In many respects, the story of the Northern cod is an archetypal story of ecological disaster: twentieth-century excess begets environmental catastrophe; overfishing destroys the fish. Yet, testimonies like Charlevoix’s gesture toward a history of colonial extraction that extends far back. How, then, to understand the precipitous decline of the Northern cod as both metonym for contemporary crisis and an ecological tragedy with deep historical roots?
Cod and the Anthropocene
Northern cod are just one of many forms of life we have nearly exterminated in the relentless search for value in nature – whales, beavers, bison, the list goes on. From the vantage of the twenty-first century, this loss of life appears as part of the so-called sixth great extinction, a constitutive symptom of the bundled effects of human action on the biosphere increasingly diagnosed as the Anthropocene. This proposed geological epoch, suggested over a decade ago to foreground the totalising and transformative effects of human action on the earth, remains controversial. Researchers debate both if the Anthropocene should be acknowledged as a new epoch and when such an epoch should be understood to have begun, suggesting dates as far ranging as the beginnings of agriculture, the colonisation of the Americas, or the industrial revolution.3 The most prominent proposals, though, argue the Anthropocene should be tied to the ‘great acceleration’ of the twentieth century, an explosion in population growth, petrochemical consumption, carbon dioxide levels, and countless other indicators of human intervention at the planetary scale.4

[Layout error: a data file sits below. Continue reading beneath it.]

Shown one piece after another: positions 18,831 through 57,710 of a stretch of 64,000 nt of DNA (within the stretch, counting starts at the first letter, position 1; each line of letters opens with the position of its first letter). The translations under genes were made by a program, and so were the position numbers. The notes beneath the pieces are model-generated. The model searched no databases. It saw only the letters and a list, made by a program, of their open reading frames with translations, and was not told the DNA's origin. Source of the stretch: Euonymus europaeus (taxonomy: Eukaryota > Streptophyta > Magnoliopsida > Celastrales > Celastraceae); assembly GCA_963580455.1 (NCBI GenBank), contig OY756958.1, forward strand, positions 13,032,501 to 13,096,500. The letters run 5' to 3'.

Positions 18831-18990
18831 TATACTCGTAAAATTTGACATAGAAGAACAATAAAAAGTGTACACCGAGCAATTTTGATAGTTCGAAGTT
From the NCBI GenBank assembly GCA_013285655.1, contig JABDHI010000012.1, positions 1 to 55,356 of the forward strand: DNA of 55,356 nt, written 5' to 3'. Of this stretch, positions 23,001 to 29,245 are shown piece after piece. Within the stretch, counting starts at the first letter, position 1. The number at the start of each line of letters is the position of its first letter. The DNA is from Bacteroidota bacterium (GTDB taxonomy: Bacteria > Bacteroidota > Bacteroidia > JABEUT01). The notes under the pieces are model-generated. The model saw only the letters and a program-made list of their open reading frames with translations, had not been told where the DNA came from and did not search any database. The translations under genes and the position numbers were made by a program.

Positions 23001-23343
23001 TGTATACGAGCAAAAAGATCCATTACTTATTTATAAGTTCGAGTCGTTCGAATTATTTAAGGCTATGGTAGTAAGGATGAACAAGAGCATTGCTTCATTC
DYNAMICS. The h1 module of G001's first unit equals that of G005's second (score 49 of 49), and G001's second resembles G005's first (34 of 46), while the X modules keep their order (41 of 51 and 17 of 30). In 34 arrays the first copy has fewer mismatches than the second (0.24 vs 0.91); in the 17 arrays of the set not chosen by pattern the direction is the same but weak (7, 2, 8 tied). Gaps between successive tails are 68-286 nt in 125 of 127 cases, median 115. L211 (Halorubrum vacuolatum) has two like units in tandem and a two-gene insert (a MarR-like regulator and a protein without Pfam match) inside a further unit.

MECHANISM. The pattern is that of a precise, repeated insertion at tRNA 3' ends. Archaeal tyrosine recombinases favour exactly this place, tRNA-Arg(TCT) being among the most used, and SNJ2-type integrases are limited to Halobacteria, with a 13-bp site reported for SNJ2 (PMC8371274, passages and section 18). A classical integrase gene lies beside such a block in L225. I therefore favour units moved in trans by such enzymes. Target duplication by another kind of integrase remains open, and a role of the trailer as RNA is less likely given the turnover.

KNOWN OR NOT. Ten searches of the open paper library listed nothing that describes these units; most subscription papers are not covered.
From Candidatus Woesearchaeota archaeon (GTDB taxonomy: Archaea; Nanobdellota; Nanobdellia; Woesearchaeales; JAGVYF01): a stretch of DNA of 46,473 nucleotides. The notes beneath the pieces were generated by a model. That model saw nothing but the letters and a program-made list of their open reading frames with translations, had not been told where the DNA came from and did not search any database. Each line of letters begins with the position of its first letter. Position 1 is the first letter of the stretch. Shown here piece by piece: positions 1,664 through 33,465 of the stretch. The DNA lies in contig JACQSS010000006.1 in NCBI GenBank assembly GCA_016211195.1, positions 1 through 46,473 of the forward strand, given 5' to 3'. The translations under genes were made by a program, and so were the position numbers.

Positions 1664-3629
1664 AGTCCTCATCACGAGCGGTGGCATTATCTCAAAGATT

In many respects, the story of the Northern Cod looks like this version of the Anthropocene. Consider a graph of estimated cod-landings off Newfoundland through the last five centuries (Figure 1). Until roughly 1960, this graph traces fluctuating but steadily increasing catches. In the middle of the twentieth century, though, catches arrow sharply upwards, mimicking indicators like atmospheric carbon, global temperature and petrochemical use characteristic of the ‘great acceleration’ and diagnostic of the twentieth-century Anthropocene. So great is the spike in catches that it seems to render all that came before it irrelevant.